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Polar Cruising: An Arctic and Antarctic Expert Shares Her Experiences

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For anyone considering an expedition cruise, the polar regions represent some of the most exciting journeys on the planet. The Arctic and Antarctic also involve some of the most challenging logistics a cruise line crew will ever face. From unpredictable weather at the extremes to maintaining rigorous safety standards, working on high-end expedition cruise ships demands so much more than making sure pillows are fluffed and cappuccinos are served steaming.

What does it take to be a successful expedition guide for a cruise line that sails to the back of beyond? For Karin Strand, the route to such a coveted position was unusual.

Updated May 31, 2019

Strand grew up among the fjords of Norway, eventually pursuing a career in law at the University of Bergen. She worked part-time at Hurtigruten, a Norwegian shipping company that’s known for its cruise-ferries that serve as the country’s link to small towns and big cities along its fjords. The company also operates cruise expeditions that go beyond, with particular specialities being the polar regions of the Arctic and Antarctica.

Her first job? Twenty years ago, as a college student, she worked as a cabin attendant on the cruise-ferries. After graduation, Strand started her career in law, but soon determined something was missing from her life.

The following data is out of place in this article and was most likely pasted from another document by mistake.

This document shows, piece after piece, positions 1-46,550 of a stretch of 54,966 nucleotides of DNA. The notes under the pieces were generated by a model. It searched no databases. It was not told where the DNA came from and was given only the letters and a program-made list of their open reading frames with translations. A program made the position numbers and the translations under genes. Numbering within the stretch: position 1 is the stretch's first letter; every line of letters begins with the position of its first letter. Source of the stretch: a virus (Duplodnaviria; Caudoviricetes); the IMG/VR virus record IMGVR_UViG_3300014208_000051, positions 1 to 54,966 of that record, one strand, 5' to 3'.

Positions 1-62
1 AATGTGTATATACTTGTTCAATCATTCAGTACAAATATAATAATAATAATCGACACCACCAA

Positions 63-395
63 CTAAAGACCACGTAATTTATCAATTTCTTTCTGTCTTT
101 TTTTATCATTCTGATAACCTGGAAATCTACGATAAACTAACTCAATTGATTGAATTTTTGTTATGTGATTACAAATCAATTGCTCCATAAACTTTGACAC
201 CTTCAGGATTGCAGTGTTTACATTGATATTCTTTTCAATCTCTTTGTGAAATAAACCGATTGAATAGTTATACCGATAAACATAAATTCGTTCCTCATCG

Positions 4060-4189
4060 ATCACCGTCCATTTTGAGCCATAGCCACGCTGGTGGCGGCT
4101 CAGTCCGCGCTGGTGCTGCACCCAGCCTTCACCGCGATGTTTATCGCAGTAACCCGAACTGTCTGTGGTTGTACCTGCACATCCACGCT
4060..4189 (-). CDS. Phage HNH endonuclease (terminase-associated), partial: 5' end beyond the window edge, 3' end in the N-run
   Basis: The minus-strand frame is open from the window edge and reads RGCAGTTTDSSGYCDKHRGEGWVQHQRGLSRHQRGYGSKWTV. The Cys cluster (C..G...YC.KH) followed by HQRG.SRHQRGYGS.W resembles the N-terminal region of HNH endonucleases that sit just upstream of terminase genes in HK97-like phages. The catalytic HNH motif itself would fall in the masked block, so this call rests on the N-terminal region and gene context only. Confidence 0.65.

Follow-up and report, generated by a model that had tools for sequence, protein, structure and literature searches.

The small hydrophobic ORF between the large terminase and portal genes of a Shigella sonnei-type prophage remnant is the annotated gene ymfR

In 2002, Karin did, as she tells Cruise Critic, “a complete 180” and abandoned her law career to move into the expedition business. Heading back to Hurtigruten, this time she set her sights on even more exotic destinations. A love of adventure travel helped her become a keen kayaker, who led tours, on – and off -- the water. Today, as Hurtigruten’s Expedition Teams Manager, she is responsible for developing tours and curating the guest experience aboard the line’s expedition cruises, keeping in mind not only educational goals for guests but sustainability practices designed to help promote and protect these pristine regions for generations to come.

“It’s random, really, how life throws you into this business,” says Karin. “Like for a lot of people, it wasn’t intentional at all, but I’m really glad it did -- it fits me.”

As Hurtigruten continues to evolve and grow, developing new ships and new destinations to visit, and embracing a leadership role in the industry in eco-sensitive cruising, it’s a great time to be part of an effort to lead comfortable yet eye-opening trips to the world’s most remote places. After 100-plus journeys to the polar regions, Strand’s got plenty to share, and she shares it here.


How do you become an expedition guide; how did you get started with Hurtigruten?